First Grade Art
In the first grade, I failed: I couldn’t draw. I worked
my narrow palette of crayons to fashion curved lines
in the shape of a cat or a rocket or a dragon or a tree,
but none came to me that didn’t disappoint my visions.
I was confined to a two-dimensional paper universe
where the best I could do was create a crooked family
of rectangles and ellipses beside a white box with a red
triangle roof and blank quartered cubes for windows,
a waxy house whose dimensions were always too small.
The bottom of the page was a smear of green, and the sky,
the whole sky, took all my blue and darkened everything
but the swollen yellow and orange sun I had never seen
so big and brilliant but in my own childish illustrations.
Even the stick figure I saw as myself was drawn too large
to turn the moonish knob on the slant-framed brown door
and enter the darkness within, unseen and uncolored.
A green ball on a brown stick was a tree that didn’t
stand in our front yard, and on that steep-sloped roof
was a chimney aswirl with the enthusiastic black smoke
I knew from fairy tales always promised fire within.
I trimmed my little life with a box of eight cramped colors.
The miracle was my insistence on stars, not only the one
we see all day, but the two thousand that score the sky
after the one we roll around rolls away. Doggedly, I drew
yellow pentacles and asterisks through my corrugated
blue day, filling the sky with the light beyond the light.
Footsteps and Footprints
These prints in snow from wood to door
mark what I missed. If I read them right,
you’re here. One foot follows the other,
sure as boots tread paths through silence.
At last, I understand the error my teacher
scored on the snowy pages of my theme:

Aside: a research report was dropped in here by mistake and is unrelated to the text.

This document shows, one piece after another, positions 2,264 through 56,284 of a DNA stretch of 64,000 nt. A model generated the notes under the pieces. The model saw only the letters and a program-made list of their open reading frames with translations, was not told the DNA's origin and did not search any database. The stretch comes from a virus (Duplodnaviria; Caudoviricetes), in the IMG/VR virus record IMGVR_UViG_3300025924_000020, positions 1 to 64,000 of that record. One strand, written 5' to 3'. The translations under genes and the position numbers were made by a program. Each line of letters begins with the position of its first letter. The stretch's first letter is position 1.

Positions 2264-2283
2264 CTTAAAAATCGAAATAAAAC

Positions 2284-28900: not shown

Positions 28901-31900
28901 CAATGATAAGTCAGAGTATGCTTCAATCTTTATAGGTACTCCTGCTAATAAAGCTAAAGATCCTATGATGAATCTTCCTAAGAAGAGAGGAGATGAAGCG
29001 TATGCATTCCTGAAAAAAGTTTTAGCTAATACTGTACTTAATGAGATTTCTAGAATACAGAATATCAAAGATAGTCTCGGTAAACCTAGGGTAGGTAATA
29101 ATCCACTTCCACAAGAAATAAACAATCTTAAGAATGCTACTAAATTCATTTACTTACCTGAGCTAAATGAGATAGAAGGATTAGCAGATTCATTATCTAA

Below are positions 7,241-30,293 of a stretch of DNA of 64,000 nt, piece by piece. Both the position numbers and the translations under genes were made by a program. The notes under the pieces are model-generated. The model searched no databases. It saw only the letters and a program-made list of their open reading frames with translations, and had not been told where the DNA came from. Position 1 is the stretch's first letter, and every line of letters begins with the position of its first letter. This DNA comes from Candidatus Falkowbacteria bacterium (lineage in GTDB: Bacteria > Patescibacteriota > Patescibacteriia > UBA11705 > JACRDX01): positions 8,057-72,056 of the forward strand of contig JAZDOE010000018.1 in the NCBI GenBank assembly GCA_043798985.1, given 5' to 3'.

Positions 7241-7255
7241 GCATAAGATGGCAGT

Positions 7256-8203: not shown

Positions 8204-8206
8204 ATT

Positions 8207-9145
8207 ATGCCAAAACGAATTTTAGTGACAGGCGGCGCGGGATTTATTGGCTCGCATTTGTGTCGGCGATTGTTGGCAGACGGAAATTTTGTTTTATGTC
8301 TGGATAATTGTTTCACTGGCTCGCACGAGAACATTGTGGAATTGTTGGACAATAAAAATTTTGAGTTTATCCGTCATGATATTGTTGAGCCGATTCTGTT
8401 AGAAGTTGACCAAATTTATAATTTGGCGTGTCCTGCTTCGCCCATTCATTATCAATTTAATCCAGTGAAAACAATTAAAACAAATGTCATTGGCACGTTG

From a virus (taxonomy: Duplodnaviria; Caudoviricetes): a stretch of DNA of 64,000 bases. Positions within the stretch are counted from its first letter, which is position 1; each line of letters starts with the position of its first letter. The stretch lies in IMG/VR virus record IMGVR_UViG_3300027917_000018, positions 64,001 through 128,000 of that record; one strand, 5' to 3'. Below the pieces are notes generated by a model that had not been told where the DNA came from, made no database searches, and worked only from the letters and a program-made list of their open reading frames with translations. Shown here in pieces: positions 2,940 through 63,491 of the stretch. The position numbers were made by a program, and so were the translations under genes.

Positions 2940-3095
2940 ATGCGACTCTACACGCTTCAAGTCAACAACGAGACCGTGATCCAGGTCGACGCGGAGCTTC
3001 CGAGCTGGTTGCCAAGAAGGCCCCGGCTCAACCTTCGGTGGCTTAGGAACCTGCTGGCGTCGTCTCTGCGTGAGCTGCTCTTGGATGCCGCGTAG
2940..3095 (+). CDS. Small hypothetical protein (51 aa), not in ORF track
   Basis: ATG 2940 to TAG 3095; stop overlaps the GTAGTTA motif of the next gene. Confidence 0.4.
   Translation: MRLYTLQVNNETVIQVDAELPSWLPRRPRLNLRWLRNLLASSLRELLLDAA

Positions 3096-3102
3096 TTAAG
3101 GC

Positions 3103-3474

“Footsteps are what we hear,” she wrote,
“footprints are what we leave behind.”
Now, whenever someone says he heard
my footprints, I see him lying down,
ear sunk in a muddy puddle or the snow,
head pressed to the path I’ve beaten
into day with boots, body, and stride.
Or when someone seeks to inspire me
to “follow in someone’s footsteps,”
I see the shape of a sole in the earth,
but hear nothing but my own slow feet
crossing the bridge between our worlds.
Kicking through drifts, I know no one
will hear this line of footprints I leave,
and none see my footsteps as I fade.
I Could Die Here
I could die here. That’s what I thought the day my father ordered
me from the station wagon to stand in the freeway breakdown lane
behind a cardboard sign declaring “FREE TO GOOD HOME,”
impeccably lettered in his characteristic capitals and hung loosely
from my neck with baling twine till someone picked me up. First,
I thought, “I could die here.” In that December evening snowfall,
beneath icicled eaves on the garage at her house, when she opened
her lips under mine and tongued my tongue, the shock stiffened
every bone in my body with a swift rush of blood. Then, I thought,
“I could die here.” As the houseboat’s engine died on the flooded
river, and we drifted sideways toward the dock, I thought, “I could
die here.” And this morning, I gaze into drunken faces lit by hot, red-
lettered light on a littered sidewalk as blank and as wide as the end
of a world as small as I am. I’m thinking again. Yes, I could die here.
Eric Paul Shaffer is the author of seven books of poetry: Even Further West (2018); A Million-Dollar Bill (2016); Lāhaina Noon (2005); Living at the Monastery, Working in the Kitchen (2001); Portable Planet (2000); RattleSnake Rider (1990); and Kindling: Poems from Two Poets (1988; with James Taylor III). www.ericpaulshaffer.com